- Ongoing – these make up “Part B” of a sustainability product report and may cross-reference to other relevant information. These must disclose information associated with the criteria of the labels, where applicable, as well the metrics or KPIs used and describe progress towards a target.
- Entity-level – based on the four pillars of the TCFD recommendations, firms must disclose their governance, strategy, risk management and metrics and targets around managing sustainability-related risks and opportunities. They must also disclose their impact on the environment and/or society based on the Global Reporting Initiative (GRI) standards. As with the TCFD-aligned disclosures, these disclosures will be implemented in a staggered fashion, depending on firms’ assets under management. Firms with sustainable funds (whether labelled or using terms in their names or marketing) must disclose details of their resources and governance arrangements.
Financial advisers and platforms
While the FCA acknowledges the important role played by advisers in presenting sustainability information to retail investors and helping them make the right investment choices, there are no specific rules aimed at them at this stage.
Instead, the FCA will set up an independent working group to help it build on the rules and determine how these rules and fund labels and disclosures support them in their role.
In the meantime, advisers and platforms must ensure that the labels and disclosures are made available to investors.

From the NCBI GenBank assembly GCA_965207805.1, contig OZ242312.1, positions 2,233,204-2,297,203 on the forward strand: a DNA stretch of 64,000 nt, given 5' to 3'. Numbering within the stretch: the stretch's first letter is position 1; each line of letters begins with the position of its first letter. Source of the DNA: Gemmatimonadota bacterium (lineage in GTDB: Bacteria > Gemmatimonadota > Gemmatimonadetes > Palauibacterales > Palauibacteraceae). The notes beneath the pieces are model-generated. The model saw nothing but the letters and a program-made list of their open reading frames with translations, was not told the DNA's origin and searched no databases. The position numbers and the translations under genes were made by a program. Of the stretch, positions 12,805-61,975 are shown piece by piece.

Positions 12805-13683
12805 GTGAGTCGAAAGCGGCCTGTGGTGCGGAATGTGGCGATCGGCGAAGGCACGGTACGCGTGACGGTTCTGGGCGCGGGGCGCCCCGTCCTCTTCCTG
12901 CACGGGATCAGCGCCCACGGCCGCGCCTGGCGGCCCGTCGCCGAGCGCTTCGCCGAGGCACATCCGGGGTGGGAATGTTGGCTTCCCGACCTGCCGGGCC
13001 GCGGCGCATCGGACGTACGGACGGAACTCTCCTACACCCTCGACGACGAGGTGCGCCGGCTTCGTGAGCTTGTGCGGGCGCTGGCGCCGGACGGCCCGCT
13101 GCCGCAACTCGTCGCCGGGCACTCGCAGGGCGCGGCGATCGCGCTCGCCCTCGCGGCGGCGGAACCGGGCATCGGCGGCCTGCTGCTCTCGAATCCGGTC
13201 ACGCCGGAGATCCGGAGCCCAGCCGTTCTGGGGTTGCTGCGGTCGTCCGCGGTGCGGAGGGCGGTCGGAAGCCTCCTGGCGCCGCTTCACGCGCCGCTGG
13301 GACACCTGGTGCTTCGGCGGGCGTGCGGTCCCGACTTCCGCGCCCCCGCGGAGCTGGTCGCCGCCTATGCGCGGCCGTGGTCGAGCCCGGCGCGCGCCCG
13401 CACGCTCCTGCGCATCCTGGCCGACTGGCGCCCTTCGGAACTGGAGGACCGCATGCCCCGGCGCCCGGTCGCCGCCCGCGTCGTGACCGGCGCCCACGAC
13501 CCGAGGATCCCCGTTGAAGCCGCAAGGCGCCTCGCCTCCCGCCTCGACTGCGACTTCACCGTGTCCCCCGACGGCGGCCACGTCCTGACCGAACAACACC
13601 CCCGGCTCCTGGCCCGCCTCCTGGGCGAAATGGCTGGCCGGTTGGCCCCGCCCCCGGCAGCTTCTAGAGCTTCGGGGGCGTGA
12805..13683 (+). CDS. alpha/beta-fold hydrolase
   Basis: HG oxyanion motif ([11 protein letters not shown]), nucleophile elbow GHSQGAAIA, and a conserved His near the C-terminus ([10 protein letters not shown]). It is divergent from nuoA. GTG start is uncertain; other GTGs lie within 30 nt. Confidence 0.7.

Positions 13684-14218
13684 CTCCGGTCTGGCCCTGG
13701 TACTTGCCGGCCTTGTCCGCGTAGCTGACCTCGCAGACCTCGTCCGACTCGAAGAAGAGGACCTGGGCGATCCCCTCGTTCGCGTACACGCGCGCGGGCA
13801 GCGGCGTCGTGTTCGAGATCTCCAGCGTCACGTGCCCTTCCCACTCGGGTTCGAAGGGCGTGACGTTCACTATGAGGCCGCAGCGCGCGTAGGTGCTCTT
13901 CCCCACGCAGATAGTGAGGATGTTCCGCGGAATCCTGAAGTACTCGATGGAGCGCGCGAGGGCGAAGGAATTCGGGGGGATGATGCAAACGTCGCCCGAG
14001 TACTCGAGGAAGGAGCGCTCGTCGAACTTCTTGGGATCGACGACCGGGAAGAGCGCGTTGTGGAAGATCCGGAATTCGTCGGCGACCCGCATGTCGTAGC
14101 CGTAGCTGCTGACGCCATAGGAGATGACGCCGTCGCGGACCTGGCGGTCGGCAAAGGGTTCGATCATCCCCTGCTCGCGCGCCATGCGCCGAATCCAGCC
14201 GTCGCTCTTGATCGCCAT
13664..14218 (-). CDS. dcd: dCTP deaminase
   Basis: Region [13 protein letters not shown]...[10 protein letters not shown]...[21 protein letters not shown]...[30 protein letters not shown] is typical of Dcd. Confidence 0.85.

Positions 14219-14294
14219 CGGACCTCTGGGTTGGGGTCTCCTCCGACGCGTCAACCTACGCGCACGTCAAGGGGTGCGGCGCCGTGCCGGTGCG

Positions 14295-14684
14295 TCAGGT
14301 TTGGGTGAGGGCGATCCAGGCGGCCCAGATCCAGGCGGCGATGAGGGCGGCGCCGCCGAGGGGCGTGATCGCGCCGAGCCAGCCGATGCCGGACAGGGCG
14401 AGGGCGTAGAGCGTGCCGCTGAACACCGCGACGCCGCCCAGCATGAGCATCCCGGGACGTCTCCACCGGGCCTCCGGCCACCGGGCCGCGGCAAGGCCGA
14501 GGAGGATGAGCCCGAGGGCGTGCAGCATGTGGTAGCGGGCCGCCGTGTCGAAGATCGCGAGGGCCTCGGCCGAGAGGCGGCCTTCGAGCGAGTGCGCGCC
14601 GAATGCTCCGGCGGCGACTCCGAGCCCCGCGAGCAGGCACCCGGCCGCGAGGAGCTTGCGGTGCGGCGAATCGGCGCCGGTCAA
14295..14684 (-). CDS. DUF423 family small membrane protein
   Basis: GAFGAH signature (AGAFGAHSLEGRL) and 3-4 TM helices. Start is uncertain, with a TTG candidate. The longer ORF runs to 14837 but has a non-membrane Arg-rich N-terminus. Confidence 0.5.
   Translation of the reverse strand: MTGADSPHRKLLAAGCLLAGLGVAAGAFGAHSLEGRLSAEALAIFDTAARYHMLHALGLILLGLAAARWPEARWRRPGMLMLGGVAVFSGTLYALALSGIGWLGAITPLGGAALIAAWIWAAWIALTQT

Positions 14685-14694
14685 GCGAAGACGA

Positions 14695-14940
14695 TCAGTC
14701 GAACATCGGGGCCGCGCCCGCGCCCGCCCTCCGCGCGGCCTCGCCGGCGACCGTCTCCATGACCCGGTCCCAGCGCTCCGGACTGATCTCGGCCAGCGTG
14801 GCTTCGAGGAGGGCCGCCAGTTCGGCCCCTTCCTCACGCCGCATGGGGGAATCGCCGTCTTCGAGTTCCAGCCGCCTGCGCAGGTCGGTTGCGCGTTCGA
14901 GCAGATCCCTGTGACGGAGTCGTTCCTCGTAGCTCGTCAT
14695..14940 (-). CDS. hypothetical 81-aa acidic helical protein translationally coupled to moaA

Platforms must also place a notice on all overseas funds made available to retail investors in the UK to make it clear that they are out of scope of the UK’s labelling and disclosure requirements.
The timeline: Implementing SDR
First to take effect will be the anti-greenwashing rule, which comes in on 31 May 2024. Until 26 January 2024, the FCA is consulting, through GC23/3, on the guidance around that rule.
Firms may start to use the investment labels on their funds from 31 July 2024 and, if they do, they must make the necessary consumer-facing and pre-contractual disclosures and apply the naming and marketing rules from then. The naming and marketing rules apply to others from 2 December 2024, by when funds with sustainability-related terms but no labels must publish consumer-facing and pre-contractual disclosures. The ongoing product-level disclosures must be published a year after the first pre-contractual disclosures, i.e. between 31 July and 2 December 2025. Eligible clients may also request on demand ongoing product-level disclosures from 2 December 2025.
2 December 2025 is also the deadline for the first entity-level disclosures, for those firms with more than £50bn in assets under management. Firms with between £5bn and £50bn follow a year later, on 2 December 2026.
As long as this article is, it only scratches at the surface of the new rules. Further articles will follow in the lead-up to the implementation dates, with more details on specific aspects of the rules.
To discuss how FE fundinfo can help asset managers and distributors with the implementation of SDR and its disclosure requirements, contact us now.